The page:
State suspicious of foreclosure company

July 16, 2009 7:57:18 PM PDT
Even though the housing market is picking up, there are still many homeowners on the verge of losing their houses. One California company offering to help has been told to knock it off by the state.

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This company is well known around the state and has a web presence. But it doesn't have a real estate license.

PRG$ Systems transforms default and foreclosure into equity and lower payments.

It didn't work that way for Felipe Carranza who was faced with a repossession notice on his front door. He's packing up and leaving his San Diego home, even though he paid PRG$ Systems to help make the foreclosure stop.

"I just want my house back," said Carranza.

There have been complaints against PRG$ Systems in the Bay Area too.

The San Diego-based company is accused of offering to help stressed homeowners hang on to their houses. Now the state is moving in.

"He's doing solicitation of borrowers and helping them with modification or with the sale of their homes and he's doing that for money for expectation of compensation," said Thomas Pool from the Department of Real Estate.

The state filed an order to desist and refrain. Owner Pablo Gonzalez fired off a letter in response saying he helps homeowners, but doesn't need a license because he is:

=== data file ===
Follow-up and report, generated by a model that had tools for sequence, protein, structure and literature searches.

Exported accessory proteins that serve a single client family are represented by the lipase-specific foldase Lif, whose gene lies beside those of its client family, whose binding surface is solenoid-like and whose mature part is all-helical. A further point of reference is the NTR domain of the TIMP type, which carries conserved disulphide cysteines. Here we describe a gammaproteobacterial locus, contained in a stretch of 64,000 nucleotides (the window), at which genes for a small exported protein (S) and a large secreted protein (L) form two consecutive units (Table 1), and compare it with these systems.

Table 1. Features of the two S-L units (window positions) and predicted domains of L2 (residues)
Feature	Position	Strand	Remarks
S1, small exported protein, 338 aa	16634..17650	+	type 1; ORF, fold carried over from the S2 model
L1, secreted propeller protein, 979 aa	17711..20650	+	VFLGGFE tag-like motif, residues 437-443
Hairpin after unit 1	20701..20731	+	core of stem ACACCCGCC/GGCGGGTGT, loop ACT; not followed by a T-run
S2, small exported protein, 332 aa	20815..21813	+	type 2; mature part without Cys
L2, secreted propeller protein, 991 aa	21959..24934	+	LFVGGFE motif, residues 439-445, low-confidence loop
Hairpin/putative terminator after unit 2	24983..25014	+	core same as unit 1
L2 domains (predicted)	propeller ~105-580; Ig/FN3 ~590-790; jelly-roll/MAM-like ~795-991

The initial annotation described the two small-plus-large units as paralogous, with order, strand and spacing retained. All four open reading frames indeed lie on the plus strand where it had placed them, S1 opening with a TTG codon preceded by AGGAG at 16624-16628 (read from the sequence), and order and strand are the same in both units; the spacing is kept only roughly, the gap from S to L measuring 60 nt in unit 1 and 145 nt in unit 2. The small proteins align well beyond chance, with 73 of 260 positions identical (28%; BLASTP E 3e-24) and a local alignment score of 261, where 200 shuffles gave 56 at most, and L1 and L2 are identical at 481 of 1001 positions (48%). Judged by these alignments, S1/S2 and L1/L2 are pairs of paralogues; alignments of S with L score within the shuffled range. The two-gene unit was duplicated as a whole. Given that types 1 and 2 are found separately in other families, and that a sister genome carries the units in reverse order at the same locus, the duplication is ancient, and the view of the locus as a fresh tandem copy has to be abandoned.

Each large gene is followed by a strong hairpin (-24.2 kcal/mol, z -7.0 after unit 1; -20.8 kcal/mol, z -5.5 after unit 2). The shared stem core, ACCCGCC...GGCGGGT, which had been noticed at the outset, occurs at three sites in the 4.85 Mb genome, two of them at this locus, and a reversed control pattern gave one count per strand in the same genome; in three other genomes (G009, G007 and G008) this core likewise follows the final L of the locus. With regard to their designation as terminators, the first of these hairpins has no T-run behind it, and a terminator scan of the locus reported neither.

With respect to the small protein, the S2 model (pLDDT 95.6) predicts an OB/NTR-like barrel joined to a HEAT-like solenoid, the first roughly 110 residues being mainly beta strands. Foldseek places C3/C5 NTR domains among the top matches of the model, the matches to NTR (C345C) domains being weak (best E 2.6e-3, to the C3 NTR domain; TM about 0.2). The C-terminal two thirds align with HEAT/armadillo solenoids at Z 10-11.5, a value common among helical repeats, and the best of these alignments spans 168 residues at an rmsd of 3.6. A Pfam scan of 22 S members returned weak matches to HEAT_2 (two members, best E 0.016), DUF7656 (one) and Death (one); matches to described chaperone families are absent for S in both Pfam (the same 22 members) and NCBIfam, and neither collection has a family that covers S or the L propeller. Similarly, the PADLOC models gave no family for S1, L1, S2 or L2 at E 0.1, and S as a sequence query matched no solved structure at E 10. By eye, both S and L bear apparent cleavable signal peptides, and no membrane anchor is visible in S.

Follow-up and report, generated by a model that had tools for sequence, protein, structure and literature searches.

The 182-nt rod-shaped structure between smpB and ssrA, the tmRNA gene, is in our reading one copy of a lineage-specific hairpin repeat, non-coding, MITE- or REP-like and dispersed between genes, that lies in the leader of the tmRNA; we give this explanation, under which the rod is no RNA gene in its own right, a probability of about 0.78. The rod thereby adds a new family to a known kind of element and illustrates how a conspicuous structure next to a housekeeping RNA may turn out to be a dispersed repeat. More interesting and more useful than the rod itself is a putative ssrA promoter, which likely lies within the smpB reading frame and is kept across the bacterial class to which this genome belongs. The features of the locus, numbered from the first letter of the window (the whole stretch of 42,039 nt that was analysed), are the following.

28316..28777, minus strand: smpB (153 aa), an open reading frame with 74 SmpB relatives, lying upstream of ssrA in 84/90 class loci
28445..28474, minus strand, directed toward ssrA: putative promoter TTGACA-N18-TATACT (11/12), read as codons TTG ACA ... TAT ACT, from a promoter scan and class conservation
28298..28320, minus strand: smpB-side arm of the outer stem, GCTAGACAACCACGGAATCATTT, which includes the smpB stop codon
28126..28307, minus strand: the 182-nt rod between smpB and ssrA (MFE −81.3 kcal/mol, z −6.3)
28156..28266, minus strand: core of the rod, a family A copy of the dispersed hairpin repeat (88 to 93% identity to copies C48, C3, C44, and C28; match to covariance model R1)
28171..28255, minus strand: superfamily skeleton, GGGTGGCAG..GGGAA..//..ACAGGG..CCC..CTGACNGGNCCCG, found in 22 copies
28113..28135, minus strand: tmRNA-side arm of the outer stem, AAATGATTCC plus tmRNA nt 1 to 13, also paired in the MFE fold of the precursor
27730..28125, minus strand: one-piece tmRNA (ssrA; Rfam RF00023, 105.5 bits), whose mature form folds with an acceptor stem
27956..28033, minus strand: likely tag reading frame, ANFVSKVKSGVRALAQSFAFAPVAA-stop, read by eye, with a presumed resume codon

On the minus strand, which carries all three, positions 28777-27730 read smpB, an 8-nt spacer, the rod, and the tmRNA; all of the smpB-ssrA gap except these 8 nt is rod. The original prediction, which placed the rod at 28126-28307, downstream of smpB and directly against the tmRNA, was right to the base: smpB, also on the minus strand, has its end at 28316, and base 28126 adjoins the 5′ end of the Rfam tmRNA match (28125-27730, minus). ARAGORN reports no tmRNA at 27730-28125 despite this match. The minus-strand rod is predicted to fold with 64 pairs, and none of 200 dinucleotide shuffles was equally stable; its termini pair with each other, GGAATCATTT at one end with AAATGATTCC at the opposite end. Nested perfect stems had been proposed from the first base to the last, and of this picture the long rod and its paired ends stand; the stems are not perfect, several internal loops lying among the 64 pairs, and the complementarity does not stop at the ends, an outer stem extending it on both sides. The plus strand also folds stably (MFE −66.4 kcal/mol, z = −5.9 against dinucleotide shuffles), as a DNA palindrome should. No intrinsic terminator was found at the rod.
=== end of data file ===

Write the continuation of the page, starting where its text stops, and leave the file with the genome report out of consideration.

• Not representing clients.
  • He is an investor.
  • Seminars he offers are not under the control of the department of real estate.

"In 1981 we revoked his real estate license for violation of the real estate law," said Pool.

This is not Gonzalez's first run-in with the state. His real estate license was taken away nearly 30 years ago and a restitution fund paid out cash related to Gonzalez's dealings.

"The allegation was he collected earnest money deposit for a real estate transaction and converted it to his own use and took the money," said Pool.

A hearing will now be set and the Department of Real Estate and Gonzalez will duke it out.

We will keep track of this, but it speaks to the complexity of today's housing market. The bottom line is to start with a non-profit if you run into difficulties.

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